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Top Tips For Passing Your Theory Test

The theory test is a computer-based test and consists of two parts: multiple choice and hazard perception. You must pass both sections at the same time.

If you fail one section, you will have to take the whole test again. You must pass the theory test before you are allowed to book your driving test.

Do Your Homework

1. The DSA's Official Theory CD Rom – buy, beg borrow or steal this CD! It covers all you need to know for both the theory and hazard perception parts of the test. All the test questions in their exact format are on this disc, so revising with this aid means you'll be familiar with all the questions and answers.

2. Take a minimum of 10 driving lessons with an instructor before attempting the theory test so you are familiar with being on the road and can apply what you are learning to practical situations and can recognise hazards.

The Multiple Choice Test

The pass mark is 43 out of 50 and the time allowed to complete the test is 57 minutes. Some questions may ask for two or more correct answers from a selection of four.

            i)          Read every question very carefully. Read every answer very carefully. Don't skip words, don't jump to conclusions and don't assume the question says something it doesn't.

            ii)         Don't skip words. Don't jump to conclusions. Don't assume the question says something it doesn't.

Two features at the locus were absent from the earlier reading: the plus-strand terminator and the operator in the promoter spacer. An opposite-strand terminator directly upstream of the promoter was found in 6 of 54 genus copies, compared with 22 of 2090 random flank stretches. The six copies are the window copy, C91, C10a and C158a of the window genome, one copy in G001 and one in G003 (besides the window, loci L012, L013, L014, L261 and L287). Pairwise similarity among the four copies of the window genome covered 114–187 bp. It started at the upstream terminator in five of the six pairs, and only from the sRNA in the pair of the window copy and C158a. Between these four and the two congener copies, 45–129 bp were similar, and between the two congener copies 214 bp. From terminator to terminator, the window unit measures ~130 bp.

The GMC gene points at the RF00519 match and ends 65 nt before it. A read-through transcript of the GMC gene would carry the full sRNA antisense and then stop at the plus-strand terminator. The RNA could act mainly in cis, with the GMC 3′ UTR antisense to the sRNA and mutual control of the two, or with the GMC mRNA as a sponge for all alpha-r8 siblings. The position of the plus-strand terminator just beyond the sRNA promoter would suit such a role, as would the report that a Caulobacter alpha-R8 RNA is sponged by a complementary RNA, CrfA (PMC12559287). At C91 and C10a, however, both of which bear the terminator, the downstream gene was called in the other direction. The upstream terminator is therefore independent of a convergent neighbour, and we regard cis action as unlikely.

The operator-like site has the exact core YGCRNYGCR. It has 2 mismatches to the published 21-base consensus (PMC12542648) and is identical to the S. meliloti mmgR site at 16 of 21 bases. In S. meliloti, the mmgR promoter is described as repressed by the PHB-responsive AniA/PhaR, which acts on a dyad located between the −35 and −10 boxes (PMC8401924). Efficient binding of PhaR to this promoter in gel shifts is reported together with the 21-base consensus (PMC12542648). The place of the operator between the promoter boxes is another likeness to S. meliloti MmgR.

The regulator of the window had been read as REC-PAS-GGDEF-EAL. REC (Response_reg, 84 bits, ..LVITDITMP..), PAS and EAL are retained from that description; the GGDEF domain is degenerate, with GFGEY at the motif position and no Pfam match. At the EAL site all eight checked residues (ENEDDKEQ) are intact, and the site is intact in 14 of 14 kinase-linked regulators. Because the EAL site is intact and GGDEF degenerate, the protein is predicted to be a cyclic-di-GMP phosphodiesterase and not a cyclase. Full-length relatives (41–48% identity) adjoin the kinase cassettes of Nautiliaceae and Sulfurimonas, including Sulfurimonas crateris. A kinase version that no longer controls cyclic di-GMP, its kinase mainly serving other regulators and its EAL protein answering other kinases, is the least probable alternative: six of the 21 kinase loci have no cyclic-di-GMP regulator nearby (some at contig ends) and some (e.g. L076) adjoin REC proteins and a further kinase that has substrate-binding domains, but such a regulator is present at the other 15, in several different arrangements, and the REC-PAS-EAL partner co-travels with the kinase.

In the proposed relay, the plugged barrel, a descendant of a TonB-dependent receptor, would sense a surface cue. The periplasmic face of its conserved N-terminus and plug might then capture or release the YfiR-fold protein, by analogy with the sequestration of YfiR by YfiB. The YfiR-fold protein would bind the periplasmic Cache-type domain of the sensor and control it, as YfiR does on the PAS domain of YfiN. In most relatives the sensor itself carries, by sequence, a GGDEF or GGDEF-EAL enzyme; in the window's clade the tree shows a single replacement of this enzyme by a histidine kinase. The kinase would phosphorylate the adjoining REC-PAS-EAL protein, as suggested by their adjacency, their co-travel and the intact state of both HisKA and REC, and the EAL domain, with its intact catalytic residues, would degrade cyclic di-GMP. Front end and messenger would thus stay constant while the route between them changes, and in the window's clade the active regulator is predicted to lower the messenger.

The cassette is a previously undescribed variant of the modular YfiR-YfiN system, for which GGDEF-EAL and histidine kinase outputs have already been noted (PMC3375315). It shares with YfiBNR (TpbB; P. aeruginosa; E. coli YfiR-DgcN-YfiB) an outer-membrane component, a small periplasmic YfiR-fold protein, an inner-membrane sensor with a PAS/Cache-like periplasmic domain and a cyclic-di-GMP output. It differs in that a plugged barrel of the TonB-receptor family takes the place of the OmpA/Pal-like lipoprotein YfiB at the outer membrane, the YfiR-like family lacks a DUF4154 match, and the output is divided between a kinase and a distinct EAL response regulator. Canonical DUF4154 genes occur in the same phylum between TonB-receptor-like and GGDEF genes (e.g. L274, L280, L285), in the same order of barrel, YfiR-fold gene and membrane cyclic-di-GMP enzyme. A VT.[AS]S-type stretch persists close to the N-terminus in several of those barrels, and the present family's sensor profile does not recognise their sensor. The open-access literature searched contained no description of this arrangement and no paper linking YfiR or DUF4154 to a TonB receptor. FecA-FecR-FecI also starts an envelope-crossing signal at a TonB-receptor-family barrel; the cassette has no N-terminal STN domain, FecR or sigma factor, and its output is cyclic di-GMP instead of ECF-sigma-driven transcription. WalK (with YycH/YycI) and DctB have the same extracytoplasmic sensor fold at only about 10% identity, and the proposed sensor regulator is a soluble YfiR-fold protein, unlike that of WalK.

iii)         Initially, answer those questions that you can do easily. Flag the ones you are not sure about, and then go back to the flagged questions. Often, other questions will help you remember the correct answer.

            iv)        Adopt the following criteria to help you choose the correct answer:

  • Two answers will be a distracter or a red herring.
  • One answer could be correct under some circumstances.
  • One answer will be correct under all circumstances. (If two correct answers are required then two questions will be correct under all circumstances).
  • Answer all the questions.
  • You should have ten minutes or so to spare at the end of the exam. Use this time to re-read your questions and answers – you may spot errors you have made.

Take a three minute break before attempting the next part of the examination. You are allowed this break and you need this time to focus your mind for the next task.

The Hazard Perception Test

The pass mark is 44 out of 75. There are 15 scorable hazards – 13 clips containing one scorable hazard and one clips contains two. You can score up to 5 marks for each hazard depending on how quickly you identify it.

i)          Anything that could cause a driver to reduce speed, swerve or stop is a hazard. The HPT is only concerned with developing hazards, e.g. a pedestrian about to cross the road, a car emerging from a junction on the left, a parked car getting ready to pull out, a van turning right across traffic, a green traffic light that changes as you approach it, roadworks.
            Click your mouse button as soon as you spot the hazard.

ii.)        To achieve a high score you must press for all hazards you spot AND any time something moves, be it vehicular or pedestrian.

iii)         You should be OK with several clicks per hazard as long as you don't click rhythmically. Making several clicks per hazard is important, because even if the first one is "too early", ".
the others will be noted within the "scoring window".

iv)        Don't overanalyse the clip, just click if you see any hazards and then click again but don't click rhythmically. Some drivers tend to see the hazard in advance and click before the official "scoring window" opens, thus scoring nothing. That is why we recommend two clicks per hazard.

v)         Practise, practise, practise with the DSA Hazard Perception DVD until you are perfect. 


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